Target Corp. agreed to sell its credit card business to TD Bank Group for about $5.9 billion.
This story first appeared in the October 24, 2012 issue of WWD. Subscribe Today.
The deal will effectively get Target out of the back end of the credit card business — a step most retailers who dabbled in holding credit card receivables have already taken. The ultimate price on the transaction will be equal the total gross value of the portfolio’s outstanding receivables when the deal closes in the first half of next year.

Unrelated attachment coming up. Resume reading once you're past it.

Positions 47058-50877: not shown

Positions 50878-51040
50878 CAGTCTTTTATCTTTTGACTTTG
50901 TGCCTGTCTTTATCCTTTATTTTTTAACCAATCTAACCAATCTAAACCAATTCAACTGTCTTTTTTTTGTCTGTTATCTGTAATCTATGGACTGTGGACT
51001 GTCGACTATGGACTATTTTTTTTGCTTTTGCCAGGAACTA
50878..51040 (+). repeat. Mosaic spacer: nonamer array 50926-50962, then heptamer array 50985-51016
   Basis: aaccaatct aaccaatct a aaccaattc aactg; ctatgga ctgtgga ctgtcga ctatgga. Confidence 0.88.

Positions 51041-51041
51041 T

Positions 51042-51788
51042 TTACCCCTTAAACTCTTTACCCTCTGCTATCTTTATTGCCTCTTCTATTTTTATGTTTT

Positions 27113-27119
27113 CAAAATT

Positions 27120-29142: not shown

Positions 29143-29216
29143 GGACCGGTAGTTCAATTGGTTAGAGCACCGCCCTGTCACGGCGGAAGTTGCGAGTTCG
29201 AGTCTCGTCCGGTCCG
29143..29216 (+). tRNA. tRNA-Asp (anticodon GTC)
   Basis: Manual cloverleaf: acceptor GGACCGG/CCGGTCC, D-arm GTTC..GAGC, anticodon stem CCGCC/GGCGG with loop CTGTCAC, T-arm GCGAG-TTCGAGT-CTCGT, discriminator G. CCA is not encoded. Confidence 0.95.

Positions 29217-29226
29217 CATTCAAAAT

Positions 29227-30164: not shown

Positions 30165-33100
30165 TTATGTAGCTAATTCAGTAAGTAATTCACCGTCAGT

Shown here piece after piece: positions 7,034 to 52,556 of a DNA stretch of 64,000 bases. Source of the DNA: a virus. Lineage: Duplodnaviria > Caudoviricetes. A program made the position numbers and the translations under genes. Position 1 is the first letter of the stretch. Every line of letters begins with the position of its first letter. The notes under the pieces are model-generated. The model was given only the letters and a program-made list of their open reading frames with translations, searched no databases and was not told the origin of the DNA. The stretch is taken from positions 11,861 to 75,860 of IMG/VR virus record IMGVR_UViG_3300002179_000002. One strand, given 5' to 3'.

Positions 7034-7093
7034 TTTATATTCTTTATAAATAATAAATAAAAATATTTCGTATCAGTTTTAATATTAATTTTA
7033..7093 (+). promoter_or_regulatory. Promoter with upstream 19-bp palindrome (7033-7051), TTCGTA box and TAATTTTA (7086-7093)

Target’s third-quarter bottom line will show a roughly $150 million pretax gain as the company accounts for the credit card receivables as “held for sale.” And then after closing, the retailer will see a pretax gain of $350 million to $450 million. About 90 percent of the proceeds from the deal will go to pay down debt.
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The two companies also entered into a seven-year agreement that will have TD underwriting and funding Target credit card and Target Visa receivables in the U.S. The retailer will continue to service the accounts while TD handles risk management.
Shares of Target rose 0.7 percent to $62.65 Tuesday.